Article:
The first results of an experimental 512 kbit test chip were presented at the 2007 VLSI Symposium [19]. The team was successful in presenting the results of functional 32 Gbit density memory arrays, obtained in 2008, at the 2009 VLSI Technology Symposium [21].

Aochi underlines: “That announcement impacted all of flash memory manufacturing and accelerated similar type of flash memory development. We had made the first production chip of 48-layers of BiCS FLASH6 with 256 Gbit memory density in 2015.” Obtaining reproducible hole shape strings was a major critical path.

Toshiba announced at ISSCC 2019 a 1.33 Tbit chip based on the 3D BiCS FLASHTM technology stacking 96 layers and 4 bit/cell [22].

After the successful implementation of the BiCS-FLASHTM technology by Toshiba and continued by Kioxia, 3D vertical Flash memories have become very popular for mass storage among the main memory makers. After producing stacked 2D structures [18], Samsung followed an approach close to Toshiba’s and demonstrated a vertical 3D structure integrating a damascene p+-like W gate, ancestor of a vertical TaNOS structure [23].

Nowadays, 3D Terabit class memory can be integrated in a single chip, stacking up to 128 layers, featuring up to 4 bits/cell and a bit surface density approaching 10 Gbit/mm2. The memory circuits can be handheld in a solid state disk or equip mass storage systems in data centers. The 3D string-type Flash Memories have been adopted among Toshiba/KIOXIA competitors as well, either with a SONOS/p+-like TaNOS or vertical Floating gate structures [23][26].

Many other candidates featuring alternative structures or materials have been trying to take over their success. These are floating gate-inspired (i.e. Si Nanocrystal FG, split gate, NROM structures, etc.) or based on 1 to 2 transistors associated to a resistor or capacitor(s) (i.e. MRAMs, STT RAMs, ReRAMs, FeRAMs, etc.) to reduce the SILC issue or address a storage node. Their compatibility or co-integration with Si CMOS is sometimes a strong requirement. Some of these alternative solutions could be or have already been adopted as application specific, field programmable gate arrays (FPGAs), embedded memories or distributed in CMOS for new computing paradigms and ultra low power circuit architectures (i.e. neuromorphic computing and programmable circuits, non-volatile logic and RAMs, etc.) [27]. These latter topics have not been addressed in this issue, due to the vast extent of the subject, as they would request another article.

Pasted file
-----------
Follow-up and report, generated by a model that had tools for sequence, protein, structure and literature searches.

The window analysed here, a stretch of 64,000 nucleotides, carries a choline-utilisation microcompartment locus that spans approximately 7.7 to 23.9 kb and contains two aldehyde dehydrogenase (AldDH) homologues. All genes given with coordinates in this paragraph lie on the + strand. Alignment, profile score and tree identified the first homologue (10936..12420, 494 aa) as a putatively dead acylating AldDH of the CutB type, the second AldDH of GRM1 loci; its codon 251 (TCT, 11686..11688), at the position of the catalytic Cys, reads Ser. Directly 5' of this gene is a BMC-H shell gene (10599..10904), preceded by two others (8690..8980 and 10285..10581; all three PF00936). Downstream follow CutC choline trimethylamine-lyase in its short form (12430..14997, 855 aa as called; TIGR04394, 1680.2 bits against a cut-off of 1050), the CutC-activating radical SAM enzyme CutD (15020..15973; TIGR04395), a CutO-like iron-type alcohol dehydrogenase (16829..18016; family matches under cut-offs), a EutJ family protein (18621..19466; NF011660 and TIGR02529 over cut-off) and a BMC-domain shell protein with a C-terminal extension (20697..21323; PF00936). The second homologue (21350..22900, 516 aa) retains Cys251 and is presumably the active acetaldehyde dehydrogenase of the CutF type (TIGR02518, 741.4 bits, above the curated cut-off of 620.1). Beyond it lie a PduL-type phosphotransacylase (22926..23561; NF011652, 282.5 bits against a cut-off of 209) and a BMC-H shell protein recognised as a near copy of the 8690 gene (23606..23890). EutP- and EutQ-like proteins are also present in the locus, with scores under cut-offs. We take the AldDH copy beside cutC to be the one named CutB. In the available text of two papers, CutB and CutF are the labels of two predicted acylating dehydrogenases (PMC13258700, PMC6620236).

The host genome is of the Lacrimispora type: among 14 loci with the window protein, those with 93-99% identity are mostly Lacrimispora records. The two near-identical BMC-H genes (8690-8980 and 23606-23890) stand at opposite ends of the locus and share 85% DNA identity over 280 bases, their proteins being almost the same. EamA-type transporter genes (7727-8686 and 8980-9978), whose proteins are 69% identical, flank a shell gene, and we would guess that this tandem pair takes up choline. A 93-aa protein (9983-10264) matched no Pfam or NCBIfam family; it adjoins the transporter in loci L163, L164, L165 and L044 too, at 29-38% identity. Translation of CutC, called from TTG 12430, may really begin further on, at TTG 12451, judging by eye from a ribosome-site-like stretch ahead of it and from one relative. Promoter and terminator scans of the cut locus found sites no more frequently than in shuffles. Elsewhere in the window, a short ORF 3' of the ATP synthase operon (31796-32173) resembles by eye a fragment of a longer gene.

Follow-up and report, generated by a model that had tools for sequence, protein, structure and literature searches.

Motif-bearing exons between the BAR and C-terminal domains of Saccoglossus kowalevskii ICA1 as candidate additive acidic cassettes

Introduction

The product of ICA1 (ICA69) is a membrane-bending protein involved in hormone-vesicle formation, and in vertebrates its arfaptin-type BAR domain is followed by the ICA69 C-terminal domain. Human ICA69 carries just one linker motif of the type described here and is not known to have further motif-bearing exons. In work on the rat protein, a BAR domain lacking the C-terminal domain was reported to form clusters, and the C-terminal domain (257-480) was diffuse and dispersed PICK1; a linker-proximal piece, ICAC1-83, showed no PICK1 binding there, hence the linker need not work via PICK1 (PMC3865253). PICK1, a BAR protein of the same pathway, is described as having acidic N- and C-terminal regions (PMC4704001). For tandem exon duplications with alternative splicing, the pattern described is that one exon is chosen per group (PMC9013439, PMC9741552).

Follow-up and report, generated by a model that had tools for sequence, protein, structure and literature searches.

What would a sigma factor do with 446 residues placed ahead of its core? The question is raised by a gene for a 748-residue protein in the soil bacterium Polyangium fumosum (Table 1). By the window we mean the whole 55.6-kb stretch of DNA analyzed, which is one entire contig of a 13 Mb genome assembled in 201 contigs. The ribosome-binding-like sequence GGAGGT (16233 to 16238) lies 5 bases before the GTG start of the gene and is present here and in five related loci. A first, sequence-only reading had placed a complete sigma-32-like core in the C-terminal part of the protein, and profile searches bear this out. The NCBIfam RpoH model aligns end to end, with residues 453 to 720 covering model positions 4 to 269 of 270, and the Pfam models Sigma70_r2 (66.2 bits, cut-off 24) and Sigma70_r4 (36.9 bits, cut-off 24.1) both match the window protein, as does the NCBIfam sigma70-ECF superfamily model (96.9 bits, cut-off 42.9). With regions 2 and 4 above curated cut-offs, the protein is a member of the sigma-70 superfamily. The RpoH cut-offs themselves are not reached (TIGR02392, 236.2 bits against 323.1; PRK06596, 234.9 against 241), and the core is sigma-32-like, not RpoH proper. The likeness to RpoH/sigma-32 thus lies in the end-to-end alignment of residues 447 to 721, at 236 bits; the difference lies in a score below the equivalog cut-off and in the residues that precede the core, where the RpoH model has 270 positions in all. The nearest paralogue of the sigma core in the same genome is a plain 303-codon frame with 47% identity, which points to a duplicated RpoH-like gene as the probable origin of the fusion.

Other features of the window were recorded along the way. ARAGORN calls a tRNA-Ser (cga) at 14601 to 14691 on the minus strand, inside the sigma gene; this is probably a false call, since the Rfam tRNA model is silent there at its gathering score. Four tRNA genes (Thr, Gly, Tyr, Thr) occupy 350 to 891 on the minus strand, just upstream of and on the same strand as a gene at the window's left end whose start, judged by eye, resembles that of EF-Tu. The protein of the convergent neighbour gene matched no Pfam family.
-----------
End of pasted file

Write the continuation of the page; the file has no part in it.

The discovery of the Floating Gate and discrete trapping concepts augmented by the invention of Flash Memories are with no doubt major events in the history of microelectronics and its success. They have sustainably impacted our daily life with broad societal usage. Their most recent success for 3D mass storage was possible thanks to a succession of microelectronics engineering marvels developments.

Acknowledgements to Prof. Simon Sze (NCTU), Prof. Fujio Masuoka (Tohoku University), Dr. Koji Sakui (Honda), Prof. Masaaki Inutake (Tohoku University), Drs. Hiroyasu Tanaka, Ryota Katsumata, Hideaki Aochi, and Kazunari Ishimaru (KIOXIA).


[1] S.M.Sze, “Physics of Semiconductor Devices”, Ed. John Wiley and Sons Inc., New York (1969).

[2] D. Khang and S.M. Sze, “A floating gate and its application to memory devices,” Bell Syst. Tech. J. Briefs, pp.1288–1295, vol. 46, Aug. 1967.

[3] H. A. R. Wegener, A. J. Lincoln, H. C. Pao, M. R. O’Connell, R. E. Oleksiak, H.Lawrence, “THE VARIABLE THRESHOLD TRANSISTOR, A NEW ELECTRICALLY-ALTERABLE, NON-DESTRUCTIVE READ-ONLY STORAGE DEVICE,” Digest. Tech. papers IEDM 1967, #11.4, p.70.

[4] J.R. Szedon and T.L. Chu “Tunnel Inspection and Trapping of Electrons in Aluminum-Silicon Nitride- Silicon Dioxide-Silicon (MNOS) Capacitors,” Abs. Solid State Device Research Conference, p 631, 1967.

[5] B.V. Keshavan and H. C. Lin, ”MONOS MEMORY ELEMENT,” IEDM Digest of Technical Papers, pp. 140–141, Oct 1968.

[6] D. Frohman-Bentchkowsky “A fully-decoded 2048-bit electrically-programmable MOS ROM,” IEEE ISSCC Digest of Technical Papers, pp. 80-81, Feb. 1971 and IEEE JSSC pp 301–306, Oct 1971.